• Establish a dispute resolution panel, when required; and
  • Conduct formal investigations, when required.

Deputy Ministers

  • Promote a work environment that is free of discrimination and harassment;
  • Provide for employees attendance at discrimination and harassment awareness sessions;
  • Provide employees information of the complaint process established by this policy statement;
  • Ensure that complaints raised by ministry employees are investigated and addressed within the time frames established by the policy statement;
  • Develop a system that enables all employees to be aware of their responsibilities relevant to this policy statement;
  • Ensure that complaints are treated in confidence;
  • Ensure that the number and grounds of complaints handled under the policy statement are tracked and reported as required;
  • Ensure that resolutions are implemented; and
  • Delegate authority and responsibility, where applicable, to apply this policy statement within their organization.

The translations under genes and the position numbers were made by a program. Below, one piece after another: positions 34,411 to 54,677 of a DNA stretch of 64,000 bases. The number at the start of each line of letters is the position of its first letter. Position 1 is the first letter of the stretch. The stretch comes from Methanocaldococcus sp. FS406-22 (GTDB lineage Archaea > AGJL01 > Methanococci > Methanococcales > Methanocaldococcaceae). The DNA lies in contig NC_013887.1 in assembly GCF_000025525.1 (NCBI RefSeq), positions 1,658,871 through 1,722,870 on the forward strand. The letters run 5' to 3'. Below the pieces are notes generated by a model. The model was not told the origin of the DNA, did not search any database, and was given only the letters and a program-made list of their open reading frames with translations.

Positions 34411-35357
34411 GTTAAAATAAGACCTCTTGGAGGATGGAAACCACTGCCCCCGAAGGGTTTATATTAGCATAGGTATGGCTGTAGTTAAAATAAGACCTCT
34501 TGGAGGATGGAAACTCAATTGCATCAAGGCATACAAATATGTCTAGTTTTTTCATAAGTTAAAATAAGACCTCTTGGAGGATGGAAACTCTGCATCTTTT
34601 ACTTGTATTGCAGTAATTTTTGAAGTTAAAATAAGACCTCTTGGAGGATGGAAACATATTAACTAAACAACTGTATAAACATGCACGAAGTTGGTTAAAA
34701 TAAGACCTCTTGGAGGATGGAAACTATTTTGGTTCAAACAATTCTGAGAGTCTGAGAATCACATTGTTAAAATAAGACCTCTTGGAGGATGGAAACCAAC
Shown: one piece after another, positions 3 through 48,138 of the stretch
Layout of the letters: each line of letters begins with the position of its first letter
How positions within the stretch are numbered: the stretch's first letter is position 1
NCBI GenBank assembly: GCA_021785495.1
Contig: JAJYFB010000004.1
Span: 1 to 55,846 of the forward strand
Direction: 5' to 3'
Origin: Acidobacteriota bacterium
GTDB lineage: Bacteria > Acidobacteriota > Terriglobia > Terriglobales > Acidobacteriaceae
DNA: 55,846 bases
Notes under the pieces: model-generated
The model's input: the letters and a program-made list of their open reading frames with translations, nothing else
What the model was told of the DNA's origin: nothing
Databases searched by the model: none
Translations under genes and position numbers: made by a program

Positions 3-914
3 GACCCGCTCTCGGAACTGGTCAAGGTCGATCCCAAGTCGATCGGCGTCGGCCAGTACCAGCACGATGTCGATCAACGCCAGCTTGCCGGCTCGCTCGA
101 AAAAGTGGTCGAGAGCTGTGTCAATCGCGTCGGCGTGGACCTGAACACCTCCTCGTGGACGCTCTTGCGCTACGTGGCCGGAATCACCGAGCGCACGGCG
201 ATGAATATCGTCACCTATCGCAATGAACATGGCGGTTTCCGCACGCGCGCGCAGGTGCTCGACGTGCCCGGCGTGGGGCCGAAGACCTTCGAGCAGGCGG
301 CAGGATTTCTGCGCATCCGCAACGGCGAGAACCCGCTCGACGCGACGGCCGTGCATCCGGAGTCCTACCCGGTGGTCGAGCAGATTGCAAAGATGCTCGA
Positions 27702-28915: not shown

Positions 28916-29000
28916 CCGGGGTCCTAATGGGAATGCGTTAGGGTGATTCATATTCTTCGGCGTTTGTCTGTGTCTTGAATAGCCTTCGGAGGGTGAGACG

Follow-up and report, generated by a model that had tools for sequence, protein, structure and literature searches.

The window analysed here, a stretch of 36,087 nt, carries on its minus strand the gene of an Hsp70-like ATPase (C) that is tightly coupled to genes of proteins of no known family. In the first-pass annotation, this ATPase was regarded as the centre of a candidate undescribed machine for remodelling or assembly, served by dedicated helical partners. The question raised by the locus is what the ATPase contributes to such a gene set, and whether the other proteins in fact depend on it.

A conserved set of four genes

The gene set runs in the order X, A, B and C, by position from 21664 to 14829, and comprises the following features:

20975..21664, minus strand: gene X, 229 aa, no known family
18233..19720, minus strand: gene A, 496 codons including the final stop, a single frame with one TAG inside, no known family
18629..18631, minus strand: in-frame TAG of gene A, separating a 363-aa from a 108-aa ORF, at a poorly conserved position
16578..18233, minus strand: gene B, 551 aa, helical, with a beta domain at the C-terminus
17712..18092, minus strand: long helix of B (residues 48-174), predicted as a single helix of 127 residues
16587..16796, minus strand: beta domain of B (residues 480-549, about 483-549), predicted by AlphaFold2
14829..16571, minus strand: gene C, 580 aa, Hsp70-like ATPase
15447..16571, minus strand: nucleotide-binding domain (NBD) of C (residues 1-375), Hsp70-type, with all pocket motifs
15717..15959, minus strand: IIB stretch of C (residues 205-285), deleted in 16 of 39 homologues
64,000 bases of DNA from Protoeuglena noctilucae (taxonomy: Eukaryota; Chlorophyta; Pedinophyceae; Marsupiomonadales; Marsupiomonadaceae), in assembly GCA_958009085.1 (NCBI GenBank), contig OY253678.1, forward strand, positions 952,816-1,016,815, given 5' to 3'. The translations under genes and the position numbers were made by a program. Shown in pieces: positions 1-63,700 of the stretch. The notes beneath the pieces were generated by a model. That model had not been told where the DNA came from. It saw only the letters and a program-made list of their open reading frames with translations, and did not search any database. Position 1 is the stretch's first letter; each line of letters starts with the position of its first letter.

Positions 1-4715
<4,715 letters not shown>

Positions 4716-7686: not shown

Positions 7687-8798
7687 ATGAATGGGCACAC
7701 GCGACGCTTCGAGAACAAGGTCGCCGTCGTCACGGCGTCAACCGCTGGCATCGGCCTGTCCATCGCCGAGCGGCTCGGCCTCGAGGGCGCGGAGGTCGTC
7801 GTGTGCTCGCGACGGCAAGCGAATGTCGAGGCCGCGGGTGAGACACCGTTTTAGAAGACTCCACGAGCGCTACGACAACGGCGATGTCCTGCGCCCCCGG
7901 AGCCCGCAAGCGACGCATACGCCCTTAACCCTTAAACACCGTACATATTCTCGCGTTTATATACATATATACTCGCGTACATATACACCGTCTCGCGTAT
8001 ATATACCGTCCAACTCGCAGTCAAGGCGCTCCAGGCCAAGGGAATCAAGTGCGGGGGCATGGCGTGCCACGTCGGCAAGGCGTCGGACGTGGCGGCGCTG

Excluded Managers

  • Develop workplaces, for which they are responsible, free from discrimination and harassment;
  • Inform all employees, for which they are responsible, of this policy statement;
  • Investigate and resolve complaints within the time frames established by this policy statement;
  • Report complaints that are investigated to the Deputy Minister;
  • Treat complaints and investigations in confidence as appropriate; and
  • Follow up on resolutions to ensure that they have been implemented and are working.

Employees

  • Treat fellow employees with respect and dignity;
  • Refrain from discrimination and harassment as defined by the policy statement;
  • Ensure that complaints are treated in confidence; and
  • Meet the time frames specified in this policy statement.

Frequently Asked Questions

Does this policy also apply to gender and gender identity?

Yes. The policy embraces the jurisprudence of the Charter of Rights and Freedoms as well as the BC Human Rights Code rulings on gender and gender identity, including those who identify as lesbian, gay, bisexual, transgender or transsexual.

What should I do if I witness, or feel I am the victim of, harassment or discrimination?

The following are guidelines. Please refer to the formal procedures for excluded employees and bargaining unit employees.